Refractive surgery was born in the 1970′s when a Russian surgeon realized that he could reduce a persons nearsightedness by surgically changing the shape of the cornea or front surface of the eye. The procedure known as radial keratotomy was performed with traditional surgical tools. In the late 1970′s, the potential of coupling this procedure with the excimer laser was realized. The excimer laser is a specific type of “cool” laser that generates its power from light in the ultraviolet range. Because the laser does not generate any heat, there is no tissue damage as the result of the laser light. The energy of the laser simply causes miniscule amounts of corneal tissue to dissociate a microscopic level. As the treatment with the laser proceeds, microscopic layers of tissue, approximately 1/10th the width of a human hair are removed. The laser is programmed to remove precisely the amount of tissue needed to achieve the desired result.
The procedure was commercialized in 1987 and finally FDA approved in the United States in 1995 after hundreds of thousands of procedures had been performed in Canada, Europe and South America. The Laser Eye Center of Hawaii is one of the first free standing refractive laser centers in the US as the first procedure was performed soon after FDA approval in 1996.
Since the inception of laser refractive surgery, millions of procedures have been done throughout the world. It is the most commonly performed elective surgery. Advancements in the procedure include making the LASIK flap with a laser as well as measurement of refractive error using digital wavefront technology. The eye tracker as well as iris recognition software have also improved outcomes. These improvements make the surgery safer and more precise.
Dr. Tyrie Jenkins was a national early adopter in laser vision correction. She was active in the study that led to the FDA approval of LASIK and performed Hawaii’s first LASIK procedure in 1997. She regularly participates in ongoing research in her field. To date Dr. Jenkins has performed over 20,000 refractive surgeries and continues to bring the freedom of glasses and contacts to many. She offers a variety of technologies to help people live a life free of glasses or contacts. Learn more about LASIK and the advanced technologies that Dr. Tyrie Jenkins uses at Pathway to Vision.
Frequently asked questions:
Who is a candidate?
A large percentage of nearsighted, farsighted, and astigmatic patients are potential candidates for LASIK. Patients who are 18 years of age or older, have healthy eyes that are free from retinal problems, corneal scars, and any eye disease are suitable. Along with being medically suitable, the best candidates are people with a lifestyle or occupation in which they are dissatisfied with their contact lenses or glasses. By having an evaluation, examination, and consultation with you, the doctor will be able to determine if you are a good LASIK candidate.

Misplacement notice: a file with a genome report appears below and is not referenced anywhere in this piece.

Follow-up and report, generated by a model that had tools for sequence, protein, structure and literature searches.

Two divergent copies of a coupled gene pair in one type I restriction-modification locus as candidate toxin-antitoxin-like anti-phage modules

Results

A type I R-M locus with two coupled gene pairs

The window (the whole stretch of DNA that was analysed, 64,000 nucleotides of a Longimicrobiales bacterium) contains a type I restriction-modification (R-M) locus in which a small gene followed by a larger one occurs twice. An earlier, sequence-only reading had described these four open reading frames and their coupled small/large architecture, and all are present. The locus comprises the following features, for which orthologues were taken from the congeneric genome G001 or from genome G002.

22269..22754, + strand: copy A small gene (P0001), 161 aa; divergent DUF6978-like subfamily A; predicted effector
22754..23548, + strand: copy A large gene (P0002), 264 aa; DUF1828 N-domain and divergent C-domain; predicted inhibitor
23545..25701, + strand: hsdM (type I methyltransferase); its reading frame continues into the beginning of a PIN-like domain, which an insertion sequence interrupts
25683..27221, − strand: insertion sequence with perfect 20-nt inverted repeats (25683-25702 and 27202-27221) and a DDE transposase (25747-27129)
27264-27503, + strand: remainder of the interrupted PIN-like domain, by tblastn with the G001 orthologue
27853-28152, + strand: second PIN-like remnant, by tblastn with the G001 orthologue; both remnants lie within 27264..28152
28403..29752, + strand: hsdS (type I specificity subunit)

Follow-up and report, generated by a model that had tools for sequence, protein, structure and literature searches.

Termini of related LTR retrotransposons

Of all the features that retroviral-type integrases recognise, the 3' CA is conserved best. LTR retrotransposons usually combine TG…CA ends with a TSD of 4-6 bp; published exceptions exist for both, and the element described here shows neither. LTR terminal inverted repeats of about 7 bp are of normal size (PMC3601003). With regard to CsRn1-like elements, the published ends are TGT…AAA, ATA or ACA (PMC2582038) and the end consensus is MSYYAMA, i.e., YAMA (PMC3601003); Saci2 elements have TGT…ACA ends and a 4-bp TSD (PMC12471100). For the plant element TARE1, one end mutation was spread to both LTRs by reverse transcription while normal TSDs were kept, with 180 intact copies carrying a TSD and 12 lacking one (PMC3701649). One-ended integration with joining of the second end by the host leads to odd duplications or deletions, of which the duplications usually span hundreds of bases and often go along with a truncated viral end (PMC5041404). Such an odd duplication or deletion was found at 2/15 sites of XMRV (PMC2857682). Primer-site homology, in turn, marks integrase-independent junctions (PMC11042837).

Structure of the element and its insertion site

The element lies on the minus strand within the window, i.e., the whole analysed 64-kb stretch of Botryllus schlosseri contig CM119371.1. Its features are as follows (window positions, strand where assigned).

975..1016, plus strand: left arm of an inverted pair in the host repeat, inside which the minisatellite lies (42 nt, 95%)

Are the results permanent?
Yes. Following an initial healing period of two to three weeks, the effect of the treatment is lifelong.
Will I Need Glasses or Contact Lenses After The LASIK Treatment?
The FDA studies required for the procedure to be performed in the United States showed that with Custom View LASIK using the femtosecond laser to make the flap showed 100% of patients could pass a drivers test without glasses or contacts (20/40 or better) 98% or patients could see 20/20 with 70% of patients seeing better than 20/20. In addition, many participants reported that they had clearer, better vision both during the day and at night, compared to their vision with glasses or contact lenses before the procedure. The results were good enough for NASA to recommend that their astronauts have the procedure.
Are there risks?
As with any procedure, there are always the possibilities of complications. Fortunately with LASIK, the risks are small. It is most important that a very thorough evaluation be performed before surgery to see if you are a good candidate and that you go to a surgeon that has performed many surgeries.
What if I am not a candidate?
What would make you not a candidate would be if your prescription is too high, your eyes are too dry, your cornea is too thin or irregularly shaped or that you have another condition of your eye that makes having LASIK not a good idea. Fortunately there are other technologies available to be rid of your glasses and contacts and it is important to seek out a refractive surgeon that is experience in these alternatives.
How Much Does Laser Vision Correction Cost? Can I Afford It?
Most practices offer financing with affordable monthly payments in order to help fit LASIK into your budget. As compared with eyeglasses and contact lenses, at a range of $2,000 to $3,000 per eye, LASIK can pay for itself in a few years time. Eyeglasses usually have to be replaced once a year or so and contact lenses, depending on the type, can be extremely costly. Your company may be able to help you pay for LASIK! Many employment companies have implemented healthcare options that make elective surgeries such as LASIK an affordable alternative. These insurance programs are referred as Flex Plans, cafeteria plans or alternative health plans. These plans designate a limited amount of pre tax dollars to pay for the employee’s predetermined elective surgery. Generally the employee must decide which surgery they are planning to have and declare this to their employer. You can contact your human resource office to find out when your company’s enrollment period begins.
How do I find out if I am a candidate?
To find out if you are a candidate for this life changing procedure, please give us a call at 808-591-9911 for a free consultation with Dr. Tyrie Jenkins, one of the pioneers in laser refractive surgery in Hawaii. Or visit our website at www.pathwaytovision.com.